In a late twist in the stimulus check fiasco, a number of taxpayers have been perplexed after receiving two IRS letters.
The IRS had made a few changes to the individual's tax returns, according to the initial letter handed out by the agency. The taxpayer may owe the agency money or receive a refund as a result of these adjustments.
It's also possible that they have a zero balance and everything is great with them. The misunderstanding arose when many taxpayers began receiving a second letter, which referenced the first letter and informed the recipients that they had the right to revoke the previous letter.
There's additional stimulus payment coming
The second notification also expressed regret for not mentioning the clause allowing taxpayers to repeal the first time around. Following the receipt of a stimulus check, the second letter has prompted many individuals to wonder if this is a scam, with posts flooding Facebook and other social media groups.
The IRS has said explicitly that this is not a scam. As revealed a few months ago, the government had previously issued roughly 5 million faulty math mistake letters that apparently neglected to remind taxpayers of their right to appeal the claims. Surprisingly, these letters were issued to those who had applied for the recovery rebate credit, as per Digital Market News.
This credit allows people to claim their stimulus checks if they haven't previously gotten one for the uninitiated. The message went on to say that the rebate amount was less in some circumstances or that they weren't entitled to a recovery rebate in others.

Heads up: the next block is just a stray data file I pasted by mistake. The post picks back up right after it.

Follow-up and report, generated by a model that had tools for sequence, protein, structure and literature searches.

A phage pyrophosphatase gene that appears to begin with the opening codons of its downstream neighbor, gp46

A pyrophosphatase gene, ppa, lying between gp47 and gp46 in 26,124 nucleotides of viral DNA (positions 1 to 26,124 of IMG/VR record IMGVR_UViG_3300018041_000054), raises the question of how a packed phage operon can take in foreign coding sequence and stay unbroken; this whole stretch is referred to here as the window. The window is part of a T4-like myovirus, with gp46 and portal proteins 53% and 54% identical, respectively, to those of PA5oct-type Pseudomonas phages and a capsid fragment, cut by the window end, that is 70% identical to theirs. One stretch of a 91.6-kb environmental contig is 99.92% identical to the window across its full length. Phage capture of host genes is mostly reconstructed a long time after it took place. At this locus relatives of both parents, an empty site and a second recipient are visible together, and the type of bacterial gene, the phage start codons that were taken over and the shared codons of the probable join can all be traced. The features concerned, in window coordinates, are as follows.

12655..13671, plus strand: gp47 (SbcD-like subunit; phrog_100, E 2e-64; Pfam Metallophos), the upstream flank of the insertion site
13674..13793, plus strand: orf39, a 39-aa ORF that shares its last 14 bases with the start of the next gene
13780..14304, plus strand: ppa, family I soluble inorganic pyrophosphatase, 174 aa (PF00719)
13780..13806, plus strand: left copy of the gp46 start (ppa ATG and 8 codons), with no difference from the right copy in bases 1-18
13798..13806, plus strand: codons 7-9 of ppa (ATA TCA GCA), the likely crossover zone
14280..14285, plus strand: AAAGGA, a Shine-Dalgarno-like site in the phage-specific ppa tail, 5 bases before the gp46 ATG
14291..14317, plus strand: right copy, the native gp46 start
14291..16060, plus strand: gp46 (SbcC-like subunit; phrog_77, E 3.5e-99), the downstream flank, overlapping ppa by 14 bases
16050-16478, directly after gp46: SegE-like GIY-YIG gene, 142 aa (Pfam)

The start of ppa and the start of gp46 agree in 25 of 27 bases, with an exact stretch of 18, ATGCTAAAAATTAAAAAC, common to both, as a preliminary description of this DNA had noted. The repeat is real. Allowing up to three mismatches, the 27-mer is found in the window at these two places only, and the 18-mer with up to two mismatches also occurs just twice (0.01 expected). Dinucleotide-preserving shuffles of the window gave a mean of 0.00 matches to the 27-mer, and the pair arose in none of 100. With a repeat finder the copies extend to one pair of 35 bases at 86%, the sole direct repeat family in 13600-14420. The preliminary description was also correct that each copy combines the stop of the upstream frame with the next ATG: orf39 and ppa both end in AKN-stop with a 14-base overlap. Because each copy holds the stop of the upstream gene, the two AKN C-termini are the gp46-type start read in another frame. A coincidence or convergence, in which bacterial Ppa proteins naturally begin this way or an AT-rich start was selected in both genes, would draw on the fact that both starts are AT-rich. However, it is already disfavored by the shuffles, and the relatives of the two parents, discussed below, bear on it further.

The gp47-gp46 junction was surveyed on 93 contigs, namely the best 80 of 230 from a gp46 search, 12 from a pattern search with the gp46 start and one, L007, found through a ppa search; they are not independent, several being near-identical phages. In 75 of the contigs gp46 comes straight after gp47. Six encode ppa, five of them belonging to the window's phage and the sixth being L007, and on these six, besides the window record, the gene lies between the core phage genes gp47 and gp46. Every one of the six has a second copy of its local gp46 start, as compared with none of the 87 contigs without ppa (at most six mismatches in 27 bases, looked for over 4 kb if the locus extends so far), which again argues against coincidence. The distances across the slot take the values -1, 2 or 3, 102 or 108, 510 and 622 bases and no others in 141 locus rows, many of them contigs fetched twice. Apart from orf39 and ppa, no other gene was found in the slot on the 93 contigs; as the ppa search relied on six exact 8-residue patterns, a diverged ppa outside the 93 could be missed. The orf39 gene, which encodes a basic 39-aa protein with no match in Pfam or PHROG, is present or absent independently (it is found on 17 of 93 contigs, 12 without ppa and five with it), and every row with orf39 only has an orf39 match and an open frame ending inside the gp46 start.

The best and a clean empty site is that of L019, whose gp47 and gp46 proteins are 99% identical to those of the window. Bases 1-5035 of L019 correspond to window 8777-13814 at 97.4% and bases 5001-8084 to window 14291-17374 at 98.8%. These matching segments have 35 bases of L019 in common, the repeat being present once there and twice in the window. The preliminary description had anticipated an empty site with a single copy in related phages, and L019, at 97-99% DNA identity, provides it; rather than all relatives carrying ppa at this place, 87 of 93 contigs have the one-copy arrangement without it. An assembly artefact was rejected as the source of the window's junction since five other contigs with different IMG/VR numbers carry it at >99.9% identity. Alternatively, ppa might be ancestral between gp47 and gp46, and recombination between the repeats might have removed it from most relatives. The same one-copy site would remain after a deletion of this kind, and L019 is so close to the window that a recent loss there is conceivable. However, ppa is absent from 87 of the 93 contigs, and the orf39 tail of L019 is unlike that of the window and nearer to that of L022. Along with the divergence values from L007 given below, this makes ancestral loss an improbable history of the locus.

If you have already done your math and still feel you are entitled to the stimulus check, you must file an appeal within 60 days, but you may be required to provide documents to prove your eligibility.
New letters from the IRS may be appearing in the mailboxes of taxpayers who claimed the recovery rebate credit, which might mean that additional money is on the way. However, such letters might also mean that their Recovery Rebate Credit would be withheld or reduced, so taxpayers who wish to contest the letters must move quickly.
Who will receive stimulus checks in Recovery Rebate Credit?
The two documents highlight an IRS calculation error and provide a chance to contest the amount of the Recovery Rebate Credit that will be applied to 2020 tax returns. The first form will be designated CP 11, CP 12, or CP 13, and the second will be labeled letter 6470 and should come shortly after.
According to Fast Company, the CP letter informs taxpayers of the computation error, which may mean they are due a refund, owe money, or don't need to take any further action.
However, the 6470 letter, which arrived at the same time as the CP notification, informs taxpayers of their ability to appeal the first notice. Many receivers received error letters informing them that they weren't qualified for a recovery refund after all or that they would be paid out less than expected.
However, beneficiaries may be entitled to credit in some situations. Those who got the letters have sixty days to file an appeal, and they should be prepared to offer extra documents to support their claim, as per The Sun.
Individuals and married couples with an adjusted gross income of $150,000 or less can deduct up to $10,200 in unemployment from their taxable income under the America Rescue Plan, signed into law by President Joe Biden in March.